Today’s consumers see thousands of marketing messages a day, giving businesses a massive role in modern society as culture-makers and opinion-drivers.
Increasingly, consumers are looking to businesses to drive change on issues they care about. Edelman found that 64% of buyers say CEOs should take the lead on change rather than waiting for the government to impose it.
Taking a stance is not a new idea—creative director Bill Bernbach said it best: “If you stand for something, you will always find some people for you and some against you. If you stand for nothing, you will find nobody against you, and nobody for you.”
This much is undeniable: What used to be seen as “church and state” separation between brands and hot button issues facing society is now a situation of blurred lines.
Taking a Stand
Now, we see consumer brands like Patagonia taking a stance on environmental protection by donating $10M saved in recent tax cuts to grassroots activism (read CEO Rose Marcario’s announcement.) This is in line with the company’s brand commitment “1% for the Planet.”
We see Nike supporting Colin Kaepernick’s protest of police brutality against African-Americans by kneeling in NFL games during the National Anthem in their now Emmy-award winning campaign featuring the copy “Believe in something, even if it means sacrificing everything.”
We see the children’s magazine Highlights making a statement about family separation at the border. “This is not a political statement about immigration policy. This is a statement about human decency. We invite you—regardless of your political leanings—to join us in speaking out against family separation and to call for more humane treatment of immigrant children currently being held in detention facilities… “
This is not just a PR issue, or a matter of including certain societal hot button issues in a marketing / PR campaign. It also extends to internal policies about who companies chose to do business with.
Wayfair recently saw the impact of not taking a stand on an issue, namely, the treatment of immigrants (including 12,000 children) in border detention centers. When it was revealed that the company had sold beds to BCFS, a contractor that manages the camps, 500 employees staged a well-publicized walkout of the Boston headquarters in protest. Their demands? Stop doing business with BCFS, and establish a code of ethics. The event shined a light on what can happen when internal strategy is not codified about who a company is willing to do business with and how to make that decision.
A similar situation occurred with cloud computing giant Salesforce.com, when 650 employees signed a letter questioning the company’s business deals with the US Customs and Border Protection Agency.
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“We are particularly concerned about the use of Service Cloud to manage border activities,” the employees’ letter reads. “Given the inhumane separation of children from their parents currently taking place at the border, we believe that our core value of Equality is at stake and that Salesforce should reexamine our contractual relationship with CBP and speak out against its practices.”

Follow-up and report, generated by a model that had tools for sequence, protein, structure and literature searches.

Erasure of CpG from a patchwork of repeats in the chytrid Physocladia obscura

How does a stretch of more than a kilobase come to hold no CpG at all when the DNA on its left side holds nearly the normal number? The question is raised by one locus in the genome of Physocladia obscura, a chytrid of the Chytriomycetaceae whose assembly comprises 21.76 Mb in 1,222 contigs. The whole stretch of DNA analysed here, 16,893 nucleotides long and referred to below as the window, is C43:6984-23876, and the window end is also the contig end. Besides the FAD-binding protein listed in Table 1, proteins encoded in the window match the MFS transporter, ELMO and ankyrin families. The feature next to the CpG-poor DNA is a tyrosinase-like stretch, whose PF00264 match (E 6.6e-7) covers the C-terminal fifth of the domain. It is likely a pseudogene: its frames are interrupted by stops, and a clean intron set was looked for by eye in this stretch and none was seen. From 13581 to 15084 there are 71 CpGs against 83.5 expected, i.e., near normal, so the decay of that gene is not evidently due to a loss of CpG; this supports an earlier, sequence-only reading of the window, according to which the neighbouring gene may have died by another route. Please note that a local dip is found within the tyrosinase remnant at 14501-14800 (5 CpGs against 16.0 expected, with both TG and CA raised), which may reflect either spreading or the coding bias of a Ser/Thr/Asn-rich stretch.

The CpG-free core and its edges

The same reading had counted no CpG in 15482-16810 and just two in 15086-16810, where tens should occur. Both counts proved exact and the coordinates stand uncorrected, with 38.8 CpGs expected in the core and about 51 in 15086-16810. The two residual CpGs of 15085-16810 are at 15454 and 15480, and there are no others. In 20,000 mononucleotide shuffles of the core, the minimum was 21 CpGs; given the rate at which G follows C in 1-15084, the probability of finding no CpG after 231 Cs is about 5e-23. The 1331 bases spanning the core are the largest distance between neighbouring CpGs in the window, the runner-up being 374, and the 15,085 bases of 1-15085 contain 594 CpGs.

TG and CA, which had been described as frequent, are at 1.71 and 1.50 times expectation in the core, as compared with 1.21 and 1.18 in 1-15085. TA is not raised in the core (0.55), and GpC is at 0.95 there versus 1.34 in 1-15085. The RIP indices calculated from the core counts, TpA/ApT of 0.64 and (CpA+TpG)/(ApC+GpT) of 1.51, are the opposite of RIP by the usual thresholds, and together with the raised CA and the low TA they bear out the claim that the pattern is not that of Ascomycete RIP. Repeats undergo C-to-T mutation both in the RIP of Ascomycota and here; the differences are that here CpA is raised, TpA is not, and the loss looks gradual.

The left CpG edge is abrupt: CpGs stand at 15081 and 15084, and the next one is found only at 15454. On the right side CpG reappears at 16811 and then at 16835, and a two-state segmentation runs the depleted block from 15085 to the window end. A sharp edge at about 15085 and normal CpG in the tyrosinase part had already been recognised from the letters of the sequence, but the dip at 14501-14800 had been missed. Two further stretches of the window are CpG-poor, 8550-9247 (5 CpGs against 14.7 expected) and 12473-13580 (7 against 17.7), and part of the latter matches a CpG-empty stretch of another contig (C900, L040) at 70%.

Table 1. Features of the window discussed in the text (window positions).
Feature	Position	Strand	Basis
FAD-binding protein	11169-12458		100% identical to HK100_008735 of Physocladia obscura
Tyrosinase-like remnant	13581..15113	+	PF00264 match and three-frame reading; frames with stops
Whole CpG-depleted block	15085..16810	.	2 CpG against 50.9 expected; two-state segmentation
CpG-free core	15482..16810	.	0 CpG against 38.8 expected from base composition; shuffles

Though CEO Marc Benioff clarified to Recode that the software was not used in the controversial act of separating families, the company did create an Office of Ethical and Humane Use of Technology to set industry-wide standards around such issues in the future.
Picking Your Battles
Failing to take a stand on the right issues to avoid risk is actually the larger risk for brands as it threatens a slide into irrelevance. Unfortunately, the prevailing mantra of many marketers is “maybe if they keep seeing our brand, they won’t notice we have nothing new to add to the conversation.”
Brands don’t need to have an opinion about everything—that would be unwise. But they must stand for something. Studies have found that two in five don’t agree that brands stand for something they believe in.
It’s important for brands to understand which issues they should have an opinion and point of view about, and which they should not.
Appropriate issues are those that intersect with your buyers. They could be particular to an industry (see Salesforce and its take on cloud computing, or Catalant and its beliefs around the role of contract workers, or Moz and its belief in white hat SEO.) These are beliefs and stances just as meaningful as societal issues.
Other appropriate narratives for businesses to have a say about are those that intersect with the workings of the business itself—pay equality and parental leave, the fair treatment of minorities at work like people of color and LGBTQ+ employees, or environmental issues as impacted by industry.
Consider these four benefits of showcasing what your company believes in:
1- Taking a stand is a way of creating relevance with the buyers and employees who matter (and clarifying who you’re for, and who you’re not for).
2- It’s a way of communicating values, which is how individuals feel a sense of connection with brands (as we do with each other.)
3- It’s a way of signaling a brand can be trusted in an age where 42% of buyers don’t know which companies to trust (Edelman.)
4- It gives your employees a North Star by which to operate and make decisions day-to-day (critical for large organizations.)
Overall, organizations who take the time to clarify what they believe, what they stand for, and what they stand against are those that will maintain relevance in this new age where brand and consumer values intersect. However, it takes great internal alignment, bold leadership from the very top of an organization, and marketing leadership who is willing to protect their company from the risks of pandering or virtue-signaling.
Katie Martell is an on-demand marketing consultant.